Lawsuits against individual file-sharers are nothing new in the United States. In recent years hundreds of thousands have been accused of sharing copyrighted material.
Thus far, these lawsuits have almost exclusively focused on BitTorrent users, but new legal action by several major book publishers suggests that Usenet uploaders are also being eyed.
Cengage Learning, John Wiley and Sons, Elsevier and McGraw-Hill recently obtained subpoenas from the U.S. District Court of Columbia, requiring Usenet providers to hand over the personal details of two very active uploaders.
The publishers state that they caught the uploaders “Hockwards” and “Rockhound” sharing hundreds of books. The pair are allegedly connected to Usenet services provided by Usenetserver and XS News, and both companies are now being held responsible for the infringing uploads.
“This information is being provided to you as the Usenet provider responsible for providing Rockhound with the accounts through which the infringement is occurring,” the publishers write in one of their letters.
“Based on the information at our disposal, we have good faith belief that the material uploaded to Usenet by Rockhound is infringing the book publishers’ copyrights. Over the past four months alone, Rockhound has uploaded hundreds of infringing books.”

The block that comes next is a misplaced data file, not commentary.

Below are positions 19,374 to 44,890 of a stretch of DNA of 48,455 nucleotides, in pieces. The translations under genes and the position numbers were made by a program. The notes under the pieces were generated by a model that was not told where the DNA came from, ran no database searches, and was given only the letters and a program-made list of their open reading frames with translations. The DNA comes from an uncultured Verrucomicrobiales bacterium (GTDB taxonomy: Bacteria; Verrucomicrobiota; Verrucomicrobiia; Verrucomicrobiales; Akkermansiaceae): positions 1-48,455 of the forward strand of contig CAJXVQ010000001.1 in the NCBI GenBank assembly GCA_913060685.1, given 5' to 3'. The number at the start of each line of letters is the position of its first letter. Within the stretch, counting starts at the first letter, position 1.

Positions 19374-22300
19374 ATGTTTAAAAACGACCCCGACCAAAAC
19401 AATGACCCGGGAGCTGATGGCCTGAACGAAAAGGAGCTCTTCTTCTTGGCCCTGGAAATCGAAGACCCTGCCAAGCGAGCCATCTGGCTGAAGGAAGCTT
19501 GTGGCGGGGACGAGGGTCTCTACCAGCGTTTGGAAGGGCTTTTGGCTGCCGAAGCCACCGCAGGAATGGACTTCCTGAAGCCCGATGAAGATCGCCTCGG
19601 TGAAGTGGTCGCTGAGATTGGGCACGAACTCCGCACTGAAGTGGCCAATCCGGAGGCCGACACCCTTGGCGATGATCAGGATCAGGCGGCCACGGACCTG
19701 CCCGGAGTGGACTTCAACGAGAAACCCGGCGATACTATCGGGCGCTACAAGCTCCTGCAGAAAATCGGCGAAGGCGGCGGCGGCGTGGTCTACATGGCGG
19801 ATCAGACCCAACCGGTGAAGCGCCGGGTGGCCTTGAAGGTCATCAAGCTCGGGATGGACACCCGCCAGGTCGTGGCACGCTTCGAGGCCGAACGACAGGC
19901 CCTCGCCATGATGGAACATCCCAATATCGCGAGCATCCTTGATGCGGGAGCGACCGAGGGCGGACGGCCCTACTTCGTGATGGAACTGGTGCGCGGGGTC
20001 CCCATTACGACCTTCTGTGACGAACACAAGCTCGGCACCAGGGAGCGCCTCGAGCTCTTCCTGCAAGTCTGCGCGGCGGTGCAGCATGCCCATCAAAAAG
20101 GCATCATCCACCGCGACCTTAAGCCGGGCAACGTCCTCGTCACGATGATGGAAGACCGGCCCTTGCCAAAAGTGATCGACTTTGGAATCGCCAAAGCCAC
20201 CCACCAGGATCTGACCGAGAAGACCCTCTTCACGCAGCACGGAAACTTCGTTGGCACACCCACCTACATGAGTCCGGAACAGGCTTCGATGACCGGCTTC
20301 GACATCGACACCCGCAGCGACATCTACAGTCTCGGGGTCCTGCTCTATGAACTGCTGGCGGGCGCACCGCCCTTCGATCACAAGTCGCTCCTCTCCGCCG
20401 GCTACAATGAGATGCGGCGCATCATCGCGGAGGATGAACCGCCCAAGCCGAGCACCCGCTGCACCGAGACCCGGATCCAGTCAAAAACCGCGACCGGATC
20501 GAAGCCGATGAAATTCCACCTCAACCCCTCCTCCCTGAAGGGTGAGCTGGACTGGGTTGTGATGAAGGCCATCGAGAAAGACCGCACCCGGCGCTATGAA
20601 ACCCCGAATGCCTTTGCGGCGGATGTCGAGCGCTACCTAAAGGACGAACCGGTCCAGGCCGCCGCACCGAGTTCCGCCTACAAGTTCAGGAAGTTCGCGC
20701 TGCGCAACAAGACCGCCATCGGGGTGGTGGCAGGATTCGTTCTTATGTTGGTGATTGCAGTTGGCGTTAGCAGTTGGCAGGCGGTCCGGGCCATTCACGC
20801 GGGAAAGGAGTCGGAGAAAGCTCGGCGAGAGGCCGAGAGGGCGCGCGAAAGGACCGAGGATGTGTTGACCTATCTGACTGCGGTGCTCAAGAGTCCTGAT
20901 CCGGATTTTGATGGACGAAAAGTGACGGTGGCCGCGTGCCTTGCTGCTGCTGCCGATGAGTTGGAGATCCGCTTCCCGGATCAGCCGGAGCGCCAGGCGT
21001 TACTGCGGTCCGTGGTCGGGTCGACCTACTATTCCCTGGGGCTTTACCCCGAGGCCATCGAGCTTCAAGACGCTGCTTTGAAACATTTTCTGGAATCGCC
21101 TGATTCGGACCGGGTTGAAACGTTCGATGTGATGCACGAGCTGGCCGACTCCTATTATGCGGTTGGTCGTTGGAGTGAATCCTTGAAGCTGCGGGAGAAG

The book publishers are asking the Usenet providers to hand over all information they have on the two uploaders, including billing records, phone numbers and addresses. In addition, the publishers list hundreds of infringing books that they want the providers to remove from their servers.
TorrentFreak talked to a representative of the book publishers who informed us that they have to protect their rights online, to guarantee that high quality books will continue to be published in the future. Targeting Usenet providers and their users is part of this strategy.
“The publishers are actively monitoring and enforcing their rights on the internet, including on Usenet. Any individual or company that uploads large quantities of digital copies of the publishers’ books for others to download without authorization is a potential target for enforcement,” the representative told us.
“Those individuals and companies are violating the law, no matter where they live and no matter why they are doing it,” the publishers add.
Whether the information obtained through the subpoenas will help the book publishers to identify both users has yet to be seen. It is not uncommon for uploaders to take measures to obfuscate their identities by using prepaid credit cards, VPN services and false contact information.
That said, the action against these Usenet uploaders is significant and in line with developments over the past year. Gradually, we’ve seen anti-piracy efforts begin to include Usenet providers and related services.
Copyright holders, for example, have rapidly increased the number of DMCA takedown notices they send to indexing and hosting services, leading to the shutdown of NZBMatrix. In addition, payment providers such as PayPal are banning Usenet related sites over piracy concerns, causing sites such as Newzbin2 to fold.
Although very rare at the moment, these recent legal actions by book publishers show that Usenet users aren’t immune to legal troubles either.
Update: This article has been updated to make clear that one of the users was a Usenetserver customer. Highwinds is not providing Usenet services.